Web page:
Google Blogoscoped

Monday, June 18, 2007

Google China Removed Cache Feature

Google in China removed their cache feature a while ago. This feature was available during the launch of, as the link reading “网页快照” (“cache”) below the result snippet in the “before” screenshot from January 2006 shows*. According to a report by Pacific Epoch, the feature was removed on April 26 this year, with Google China stating that this would be relaunched after an upgrade.

The Google cache of web pages is one of those features known to be widely blocked for Chinese users thanks to China Mainland internet service providers, outside of the responsibility of Google. The missing “cache” link however is now in the responsibility of Google. It’s another form of self-censorship Google has committed to in China, and the reasoning for this may be similar to previous forms of self-censorship; Google may argue they aim to provide a better user experience with that feature removal, as people clicking on the cache link before weren’t ending up on the actual web page cache. This also means that indirectly – and whether or not the Chinese gov’t actively pressured Google to remove the feature – it’s another step in becoming the kind of search engine the Chinese government (more precisely, its ministry of information) would like to see. Through control of one side of the technology – ISPs – the gov’t exerts indirect control over Google, as going by Google’s logic of “we need to shield Google users in China from broken links/ services"**, they can block certain features of Google to then have Google remove them on their end, too.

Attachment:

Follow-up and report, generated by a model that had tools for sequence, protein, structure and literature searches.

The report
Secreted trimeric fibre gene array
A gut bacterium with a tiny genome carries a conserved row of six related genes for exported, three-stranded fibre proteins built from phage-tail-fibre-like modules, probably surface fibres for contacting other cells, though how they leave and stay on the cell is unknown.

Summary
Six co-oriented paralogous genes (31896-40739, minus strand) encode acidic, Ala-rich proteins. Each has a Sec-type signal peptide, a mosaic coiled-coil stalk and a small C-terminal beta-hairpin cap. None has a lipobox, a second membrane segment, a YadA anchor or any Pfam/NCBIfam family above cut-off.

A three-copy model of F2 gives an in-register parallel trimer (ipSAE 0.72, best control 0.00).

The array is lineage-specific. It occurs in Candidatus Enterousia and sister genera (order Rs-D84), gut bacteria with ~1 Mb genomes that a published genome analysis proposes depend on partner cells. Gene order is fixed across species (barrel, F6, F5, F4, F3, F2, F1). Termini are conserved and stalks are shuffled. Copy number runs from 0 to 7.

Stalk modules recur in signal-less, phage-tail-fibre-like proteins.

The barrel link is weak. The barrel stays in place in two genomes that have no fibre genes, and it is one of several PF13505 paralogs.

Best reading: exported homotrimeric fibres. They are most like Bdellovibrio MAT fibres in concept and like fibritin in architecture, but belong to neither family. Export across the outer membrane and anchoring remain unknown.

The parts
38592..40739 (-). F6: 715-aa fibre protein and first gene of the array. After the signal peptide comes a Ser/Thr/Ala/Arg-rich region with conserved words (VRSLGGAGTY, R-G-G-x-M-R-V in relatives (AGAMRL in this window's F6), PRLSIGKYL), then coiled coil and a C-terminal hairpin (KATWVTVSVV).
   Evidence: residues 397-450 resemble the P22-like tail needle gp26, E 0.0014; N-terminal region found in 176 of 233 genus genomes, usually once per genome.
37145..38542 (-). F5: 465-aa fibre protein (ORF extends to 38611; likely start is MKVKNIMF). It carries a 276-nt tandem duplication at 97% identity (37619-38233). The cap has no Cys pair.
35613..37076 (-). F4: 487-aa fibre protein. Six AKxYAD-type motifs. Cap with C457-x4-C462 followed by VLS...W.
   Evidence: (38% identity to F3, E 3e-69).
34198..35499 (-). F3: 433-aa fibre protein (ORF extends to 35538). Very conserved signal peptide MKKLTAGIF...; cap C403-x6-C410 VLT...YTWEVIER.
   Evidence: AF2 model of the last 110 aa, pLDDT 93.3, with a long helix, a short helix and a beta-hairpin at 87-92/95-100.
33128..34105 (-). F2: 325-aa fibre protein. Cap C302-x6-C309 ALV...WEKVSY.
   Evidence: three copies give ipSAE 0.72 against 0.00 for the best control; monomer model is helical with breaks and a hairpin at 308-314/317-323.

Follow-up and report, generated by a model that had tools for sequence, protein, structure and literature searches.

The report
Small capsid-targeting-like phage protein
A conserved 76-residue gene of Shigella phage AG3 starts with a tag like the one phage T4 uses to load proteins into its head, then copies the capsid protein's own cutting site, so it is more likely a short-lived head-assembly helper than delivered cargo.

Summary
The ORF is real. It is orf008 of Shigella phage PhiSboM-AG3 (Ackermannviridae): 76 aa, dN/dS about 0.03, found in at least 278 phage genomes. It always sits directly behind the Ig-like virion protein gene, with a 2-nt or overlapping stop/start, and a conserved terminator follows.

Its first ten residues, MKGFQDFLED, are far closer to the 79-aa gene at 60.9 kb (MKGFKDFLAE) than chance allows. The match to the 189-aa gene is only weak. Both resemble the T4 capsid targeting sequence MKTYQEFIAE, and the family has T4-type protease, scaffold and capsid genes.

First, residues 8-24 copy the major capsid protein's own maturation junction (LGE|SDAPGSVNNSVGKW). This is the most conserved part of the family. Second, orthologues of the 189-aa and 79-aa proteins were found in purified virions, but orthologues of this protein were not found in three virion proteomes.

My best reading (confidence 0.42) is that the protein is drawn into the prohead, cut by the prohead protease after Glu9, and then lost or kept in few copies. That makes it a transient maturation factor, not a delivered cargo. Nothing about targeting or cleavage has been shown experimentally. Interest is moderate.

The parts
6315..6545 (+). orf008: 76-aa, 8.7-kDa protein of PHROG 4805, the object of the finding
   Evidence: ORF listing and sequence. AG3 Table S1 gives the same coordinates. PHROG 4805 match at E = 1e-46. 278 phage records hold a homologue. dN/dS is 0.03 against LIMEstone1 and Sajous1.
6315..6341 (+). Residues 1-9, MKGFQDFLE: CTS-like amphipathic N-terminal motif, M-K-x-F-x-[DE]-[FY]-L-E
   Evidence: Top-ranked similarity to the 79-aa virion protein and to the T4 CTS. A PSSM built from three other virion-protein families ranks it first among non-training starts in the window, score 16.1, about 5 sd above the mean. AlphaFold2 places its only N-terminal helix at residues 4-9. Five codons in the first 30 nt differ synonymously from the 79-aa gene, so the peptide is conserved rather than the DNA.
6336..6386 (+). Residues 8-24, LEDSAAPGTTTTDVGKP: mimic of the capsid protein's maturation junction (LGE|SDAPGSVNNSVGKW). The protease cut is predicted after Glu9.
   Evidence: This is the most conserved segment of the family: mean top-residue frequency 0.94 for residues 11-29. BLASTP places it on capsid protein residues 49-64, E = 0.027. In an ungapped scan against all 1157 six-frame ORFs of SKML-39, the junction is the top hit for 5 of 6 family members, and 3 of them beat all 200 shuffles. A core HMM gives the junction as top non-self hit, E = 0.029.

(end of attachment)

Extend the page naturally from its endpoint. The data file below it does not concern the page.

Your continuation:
Blocking parts of Google is not the only way the Chinese gov’t can potentially influence Google; they can also escalate the issue of Google’s lack of their own required Internet Content Provider number (Google operates under the ICP license of its local partner

Currently, additional to web search, Google in China agreed to censor parts of Google Books, Google News, Google Maps, as well as Google Images. Google says that if they censor, they do so “in response to local laws, regulations, or policies.”

*The screenshot shows a search for [human rights china] from then and now. On a side-note, this query returns one of Google’s self-censored results.

**In 2004, Google admitted to omitting certain news sources for Google News China. “For users inside the People’s Republic of China, we have chosen not to include sources that are inaccessible from within that country.” Google argued that “Leaving aside the politics,” showing links which are known to be blocked presents them “with a serious user experience problem”.
Quality problems were also the reasons behind Google’s web self-censorship move, according to Google in 2006: “Google users in China today struggle with a service that, to be blunt, isn’t very good. appears to be down around 10% of the time (...) the level of service we’ve been able to provide in China is not something we’re proud of. This problem could only be resolved by creating a local presence, and this week we did so, by launching, our website for the People’s Republic of China. In order to do so, we have agreed to remove certain sensitive information from our search results.”


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